On the wall of a sun-splashed living room hangs a Daily Telegraph world map dotted with hundreds of red and yellow pins that fix the running ovals where Kipchoge Keino elevated a forgotten nation. But Kip Keino hurries past the map eager to share his life’s work.
Not the trophies or medals piled in a comer, but a gallery of photos of young Kenyan men and women whose lives he has touched. He sips tea through the gap in his bottom teeth, then softly recites their accomplishments.
“This one’s a doctor in Nairobi. She’s an accountant in town with three beautiful babies. These two are with the police. This whole row is studying at universities in the States,” he says, touching each of the photos.
Of late, everyone from Oprah to Hillary Clinton has invoked the African proverb that “it takes a village to raise a child.” For 30 years now, Keino has raised his own village of children. Before he was an Olympic champion, long after he became the measuring stick for African runners, Kip Keino was - and is - father to 68 abandoned or orphaned children.
That is why the pinned world map goes ignored; why he treats the hardware from his Olympic glory years like artifacts; why, despite the battered running shoes he wears, he says he runs now “only for my life.”
What matters to Keino is the freshly turned rows of tea leaves sculpted atop plateaus that cascade across this valley. The 200-foot well that pulls diamond-clear water on the wings of a windmill. The stone bunkhouses where tiny tennis shoes compete for shelf space with primary school math and English books.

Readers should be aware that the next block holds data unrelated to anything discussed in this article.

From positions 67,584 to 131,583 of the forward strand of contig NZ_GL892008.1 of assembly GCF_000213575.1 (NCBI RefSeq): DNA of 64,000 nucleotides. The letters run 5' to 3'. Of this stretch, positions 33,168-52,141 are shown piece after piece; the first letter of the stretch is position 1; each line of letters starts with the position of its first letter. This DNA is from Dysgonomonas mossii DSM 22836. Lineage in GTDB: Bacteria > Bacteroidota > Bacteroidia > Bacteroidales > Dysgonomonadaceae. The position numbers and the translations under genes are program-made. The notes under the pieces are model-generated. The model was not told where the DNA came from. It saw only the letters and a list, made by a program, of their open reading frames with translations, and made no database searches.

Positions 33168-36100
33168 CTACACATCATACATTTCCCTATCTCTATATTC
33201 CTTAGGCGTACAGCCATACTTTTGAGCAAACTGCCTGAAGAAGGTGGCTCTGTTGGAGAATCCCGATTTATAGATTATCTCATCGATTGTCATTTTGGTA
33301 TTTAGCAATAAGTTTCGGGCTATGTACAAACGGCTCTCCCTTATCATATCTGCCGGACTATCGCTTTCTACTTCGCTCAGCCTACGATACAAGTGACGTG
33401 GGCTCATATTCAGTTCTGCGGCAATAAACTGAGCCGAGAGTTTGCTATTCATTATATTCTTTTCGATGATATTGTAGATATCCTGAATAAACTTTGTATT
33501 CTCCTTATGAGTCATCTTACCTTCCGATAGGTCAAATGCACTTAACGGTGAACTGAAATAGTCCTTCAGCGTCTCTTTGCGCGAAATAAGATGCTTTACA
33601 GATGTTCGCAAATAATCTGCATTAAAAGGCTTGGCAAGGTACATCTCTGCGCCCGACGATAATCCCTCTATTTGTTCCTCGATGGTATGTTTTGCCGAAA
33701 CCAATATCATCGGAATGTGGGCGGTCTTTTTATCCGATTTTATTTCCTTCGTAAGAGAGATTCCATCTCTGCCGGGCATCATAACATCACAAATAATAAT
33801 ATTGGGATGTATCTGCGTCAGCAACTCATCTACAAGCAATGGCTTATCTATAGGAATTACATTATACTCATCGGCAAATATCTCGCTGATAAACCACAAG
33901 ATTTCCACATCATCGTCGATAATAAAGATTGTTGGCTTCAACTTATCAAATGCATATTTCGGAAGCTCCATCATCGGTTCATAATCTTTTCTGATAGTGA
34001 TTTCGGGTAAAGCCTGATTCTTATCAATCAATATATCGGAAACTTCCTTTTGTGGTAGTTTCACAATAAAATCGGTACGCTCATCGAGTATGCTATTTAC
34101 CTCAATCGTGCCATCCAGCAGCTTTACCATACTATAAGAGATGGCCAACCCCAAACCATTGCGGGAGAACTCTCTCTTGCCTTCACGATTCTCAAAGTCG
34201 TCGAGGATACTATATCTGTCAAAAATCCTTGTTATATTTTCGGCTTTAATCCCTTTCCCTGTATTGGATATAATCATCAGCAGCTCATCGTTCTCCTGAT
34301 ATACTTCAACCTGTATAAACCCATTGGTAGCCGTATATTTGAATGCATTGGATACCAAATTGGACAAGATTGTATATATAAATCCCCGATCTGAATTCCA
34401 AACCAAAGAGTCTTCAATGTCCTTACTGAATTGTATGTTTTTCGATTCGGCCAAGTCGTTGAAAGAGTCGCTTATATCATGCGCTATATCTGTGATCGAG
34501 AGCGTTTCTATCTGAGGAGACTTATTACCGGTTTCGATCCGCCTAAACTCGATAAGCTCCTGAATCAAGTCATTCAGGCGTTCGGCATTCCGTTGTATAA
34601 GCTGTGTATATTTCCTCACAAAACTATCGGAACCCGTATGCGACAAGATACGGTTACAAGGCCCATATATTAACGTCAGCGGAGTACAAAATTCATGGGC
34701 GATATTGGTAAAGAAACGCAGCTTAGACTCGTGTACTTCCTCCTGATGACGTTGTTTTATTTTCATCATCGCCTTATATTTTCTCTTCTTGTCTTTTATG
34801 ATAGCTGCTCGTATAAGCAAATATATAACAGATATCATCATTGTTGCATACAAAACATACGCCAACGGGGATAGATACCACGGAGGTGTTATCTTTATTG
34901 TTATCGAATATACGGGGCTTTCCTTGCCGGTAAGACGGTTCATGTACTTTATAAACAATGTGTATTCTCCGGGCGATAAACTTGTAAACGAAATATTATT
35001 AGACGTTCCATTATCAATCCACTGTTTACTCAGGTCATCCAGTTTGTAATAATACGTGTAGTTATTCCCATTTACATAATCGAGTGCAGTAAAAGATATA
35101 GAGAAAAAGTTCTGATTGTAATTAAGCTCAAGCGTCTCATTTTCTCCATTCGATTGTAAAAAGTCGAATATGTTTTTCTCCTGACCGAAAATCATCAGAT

Keino’s universe begins and ends on his farm, in his newly built 20- room compound with a library and chapel, amid his children. They call him and Phyllis Keino “Dad” and “Mom” ; they carry the legendary name.
He houses them, feeds, educates and loves them until they too join the photo gallery, becoming examples for the next generation of unwanted children who show up at his door. “My mother died when I was 3,” he explains. “I don’t want anyone else to grow up with that problem. I c&t help everyone, but I do what is within my ability.” Now 54, runner-trim beneath his baggy work clothes, an ever-present ball cap atop
his gray hair, Keino remains true to his calling. Just as the silver tea service attests to his coming of age in colonial Kenya, the toddlers and teenagers underfoot in the gardens echo his uncertain boyhood as a Nandi tribesman.
“If Kip never had made it out of the first round - had never won an Olympic race - he’d still be the world’s greatest Olympian ever for what he’s done with his life,” says 1964 U.S. gold meDalist Billy Mills, who has done his own share of charity work, bankrolling Native American and children’s charities.
But Keino did make it out of the first round and burst into the world’s consciousness with one of the gutsiest performances in athletic history. At the 1968 Olympic Games, Keino arrived in Mexico City a cop from a Third World country with little athletic history.
Keino suffered from gallstones, and doctors told him if he ran it might kill him. In his first event, the 10,000 meter, he was in the lead pack with two laps to go when he collapsed in pain and staggered onto the infield, Before the stretchers arrived, he scrambled to his feet and finished the race even though he had been disqualified. In the 5,000 four days later, he won the silver.
It was in the 1,500-meter showdown with world record holder Jim Ryun that Keino’s story became legend. Suffering agonizing pain, he finally conceded to doctors’ orders and remained in the village on race day. But as the start drew near, he became restless and boarded a bus, only to get stuck in a traffic jam.
Jogging the final two miles to the stadium, Keino arrived moments before the gun. He went out fast to neutralize Ryun’s vaunted closing kick. The American, in the midst of a three-year win streak, finished 20 meters back for the silver.
“In a week he went from a talented runner - known as a good guy - to a national hero. Like your Mickey Mantle,” explains Mike Boit, a 1972 silver meDalist who is now Kenya’s minister of sport. “He not only is the father of Kenya distance running, he put this country on the map. He’s our national treasure.”